This is the online publication of my final assignment completed for ETEC 530, Constructivism and E-learning, as part of my MEd in Educational Technologies at the University of British Columbia. This project was done under the supervision of Dr. Diane P. James and was awarded a distinction when graded. Below you can find a short rationale for the project, as well as the write up of the salient concepts for this work. At the end of the document you will find a downloadable PDF including this essay, a full reference list, expected participants, a workshop design and assessments.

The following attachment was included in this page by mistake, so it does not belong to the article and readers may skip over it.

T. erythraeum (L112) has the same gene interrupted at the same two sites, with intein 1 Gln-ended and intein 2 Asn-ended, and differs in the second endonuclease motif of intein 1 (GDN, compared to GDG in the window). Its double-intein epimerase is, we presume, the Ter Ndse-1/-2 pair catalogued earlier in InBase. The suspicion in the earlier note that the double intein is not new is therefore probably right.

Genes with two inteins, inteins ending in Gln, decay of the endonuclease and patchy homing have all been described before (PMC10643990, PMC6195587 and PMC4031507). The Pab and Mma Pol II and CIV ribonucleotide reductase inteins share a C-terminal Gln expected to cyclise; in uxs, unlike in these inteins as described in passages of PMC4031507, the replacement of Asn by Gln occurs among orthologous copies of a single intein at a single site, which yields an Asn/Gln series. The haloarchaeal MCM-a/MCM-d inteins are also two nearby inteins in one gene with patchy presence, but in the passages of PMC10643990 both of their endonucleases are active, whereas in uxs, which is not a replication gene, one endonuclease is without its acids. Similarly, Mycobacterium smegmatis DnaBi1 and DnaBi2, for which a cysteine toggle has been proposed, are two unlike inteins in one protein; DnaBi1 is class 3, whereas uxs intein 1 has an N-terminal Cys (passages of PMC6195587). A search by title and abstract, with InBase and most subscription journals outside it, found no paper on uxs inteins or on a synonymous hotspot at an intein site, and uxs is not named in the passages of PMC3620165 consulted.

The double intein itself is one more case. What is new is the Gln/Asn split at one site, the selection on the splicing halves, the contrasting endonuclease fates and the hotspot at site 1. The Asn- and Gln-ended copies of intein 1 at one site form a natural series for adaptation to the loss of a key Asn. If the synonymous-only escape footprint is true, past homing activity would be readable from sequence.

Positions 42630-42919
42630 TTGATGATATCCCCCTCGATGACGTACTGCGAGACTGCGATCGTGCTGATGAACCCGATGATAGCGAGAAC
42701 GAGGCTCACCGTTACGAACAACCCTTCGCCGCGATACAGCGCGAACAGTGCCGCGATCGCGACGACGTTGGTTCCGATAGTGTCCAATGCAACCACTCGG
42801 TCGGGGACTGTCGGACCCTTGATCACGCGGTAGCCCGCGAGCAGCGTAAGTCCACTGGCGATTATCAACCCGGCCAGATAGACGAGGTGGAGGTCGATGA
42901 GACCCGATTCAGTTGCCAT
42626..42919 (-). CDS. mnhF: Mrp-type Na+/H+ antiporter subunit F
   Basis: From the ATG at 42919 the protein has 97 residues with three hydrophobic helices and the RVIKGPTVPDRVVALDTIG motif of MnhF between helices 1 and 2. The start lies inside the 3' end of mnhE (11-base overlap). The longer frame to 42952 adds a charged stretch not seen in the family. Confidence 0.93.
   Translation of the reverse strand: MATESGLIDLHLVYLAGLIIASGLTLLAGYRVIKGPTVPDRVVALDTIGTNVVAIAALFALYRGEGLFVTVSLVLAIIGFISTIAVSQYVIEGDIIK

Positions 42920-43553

Conservation education is a field in which science meets social science, often with dissonance in efforts to get these worlds to work together. This workshop will consider work done in epistemology and constructivism to investigate and better understand how effective, socially situated, conservation education can be offered by public organisations such as zoos, museums, botanical gardens and wildlife rehabilitation centres in order to encourage visitors to take up appropriate conservation action. We will not be looking at the content of conservation education, but rather at the systems and frameworks for conveying conservation information to diverse public audiences through a constructivist learning lens with suggested frameworks, practices and techniques.